It’s that time of year. While the weather is still plenty warm, our trees are starting to fade into yellow and gold foliage and the tundra is starting to slowly turn that brilliant red. While many of us are scanning the hills admiring the fall beauty that our great state brings, we know many of you are glassing the hills with another purpose. Its hunting season and you are looking to fill your freezer.
At Alliance Foot and Ankle we love treating outdoorsman and outdoorswomen. Here are some of the ailments we often see during hunting season and tips to help keep your feet healthy while you are out on your hunt.
Protecting your skin
There are a variety of skin conditions we see in hunters. Here are some of the big ones and how to protect yourself better.
This is a common problem among many people, but we especially see it in hunters after they have been out in the wild for days in the same pair of boots. Athlete’s foot as it is commonly known is called Tinea Pedis in the medical world. It is a superficial fungal infection that tends to cause skin to start to dry up and blister or even itch or burn-especially in between the toes. The fungus belongs to a group called dermatophytes. Dermatophytes particularly love damp, dark environments, exactly like your boots. Waterproof boots/waders which can be a necessity, do a great job at keeping water out of your boots but don’t allow your feet to “breathe”. As your socks get more damp, so does your skin. This is perfect for fungus to grow in but also weakens your skin making it easier to get blisters. It is important to swap out socks during the day if you can and make sure to air out your boots at night; put on a fresh pair of socks and a different pair of shoes at your campsite to let the swampy boots and socks air out. If you have the room, consider bringing along boot warmers or boot dryers to help this process.
In cases where your feet are wet and cold for extended periods of time, you can get something called immersion foot. You might be more familiar with its more severe form, trench foot, which was, unfortunately, a grave problem for many soldiers in WWII out in the cold damp conditions for extended periods of time. When feet are wet for extended periods of time, there can be damage to not just the skin but also the nerves and blood vessels in the feet. Wet feet lose heat very easily; this puts you at risk for increased vasoconstriction (Blood vessels constricting) causing poor circulation in your feet, starving your soft tissue of oxygen. As a result of this, you can have pain, swelling, pins and needles sensation, skin color and temperature changes Again, this all goes back to making sure your feet stay warm and dry during your time outdoors.
All of that hiking through uneven terrain up and down elevation puts you at risk for a pretty significant ankle sprain. When packing out an animal or carrying all of your gear, there is obviously increased strain on your joints- ankle included. High topped ankle boots are preferable to give you good stability but often times people are hunting in their high rubber or neoprene waterproof boots which do not have good ankle support. In this scenario, consider getting a good figure-8 type ankle brace to wear in your boot to help restrict excessive side to side motion of your ankle. This is particularly important if you feel that you have “weak” ankles, chronic instability or previous history of sprains.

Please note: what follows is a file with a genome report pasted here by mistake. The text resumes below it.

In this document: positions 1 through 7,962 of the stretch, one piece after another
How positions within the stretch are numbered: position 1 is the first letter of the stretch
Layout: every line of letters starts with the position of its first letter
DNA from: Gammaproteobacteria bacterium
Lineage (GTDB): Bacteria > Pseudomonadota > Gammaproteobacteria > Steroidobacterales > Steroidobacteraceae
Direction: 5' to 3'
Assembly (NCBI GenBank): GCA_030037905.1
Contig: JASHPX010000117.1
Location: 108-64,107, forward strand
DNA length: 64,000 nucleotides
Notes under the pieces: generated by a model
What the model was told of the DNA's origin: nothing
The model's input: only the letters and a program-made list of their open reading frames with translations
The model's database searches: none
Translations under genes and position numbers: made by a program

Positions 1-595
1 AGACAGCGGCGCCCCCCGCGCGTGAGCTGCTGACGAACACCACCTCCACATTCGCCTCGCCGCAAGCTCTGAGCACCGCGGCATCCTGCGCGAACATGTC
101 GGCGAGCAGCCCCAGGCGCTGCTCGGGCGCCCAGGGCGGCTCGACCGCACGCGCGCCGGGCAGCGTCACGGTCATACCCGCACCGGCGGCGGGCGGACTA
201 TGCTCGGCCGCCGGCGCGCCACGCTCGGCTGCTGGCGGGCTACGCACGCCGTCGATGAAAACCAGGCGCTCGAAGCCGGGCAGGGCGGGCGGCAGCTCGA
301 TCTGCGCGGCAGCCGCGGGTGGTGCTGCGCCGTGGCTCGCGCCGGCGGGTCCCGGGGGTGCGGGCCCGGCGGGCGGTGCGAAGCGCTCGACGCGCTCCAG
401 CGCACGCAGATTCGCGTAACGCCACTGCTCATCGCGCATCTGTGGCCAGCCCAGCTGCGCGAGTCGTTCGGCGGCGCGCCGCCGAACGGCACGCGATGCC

Past injuries to your ankles can cause damage to your proprioceptors- little receptors in the ligaments of your joints that tell your brain where your foot is at-making it harder for you walk without tripping. If you find yourself needing to stare at the terrain a lot, consider wearing a good brace to give you better stability. A favorite of mine is the trilock ankle brace. We are big proponents of physical therapy and will often prescribe PT to help patients improve their proprioception, increase the strength of the ankle and decrease their chances of another injury. Also, do not forget your trekking poles.
Pain in the big toe joint
There are many conditions that can cause pain in the big toe (the metatarsal phalangeal joint) but the one we tend to see affect hikers and hunters most often is a condition called hallux rigidus. In Latin, this basically means your big toe joint is becoming stiff from arthritis. This can affect adults of all ages and can happen on just one foot or boot depending on whether it is caused from previous trauma or from the joint being misaligned due to your own individual anatomy. Going up and down steep terrain tends to really increase the discomfort in this joint. With this problem, there is progressive loss of motion to the joint, loss of cartilage and development of bone spurs.
If this is becoming problematic for you there are several options. Try to wear a more stiff-soled shoe to temporarily help limit motion at that joint. You can also use topical pain creams/gels like Biofreeze gel or salonpas on the big toe joint. This may be worth bringing with you on your hunt for those achy joints. Anti-inflammatories may also help but should only be taken as directed and for short intervals. Sometimes physical therapy can help or a steroid injection directly into the joint. This problem is often improved or completely alleviated with surgery if conservative treatment options are not helping.
We hope you have a great hunting season taking in the beauty of Alaska. And of course, we hope you fill that freezer.
Dr. Kristin Klingensetin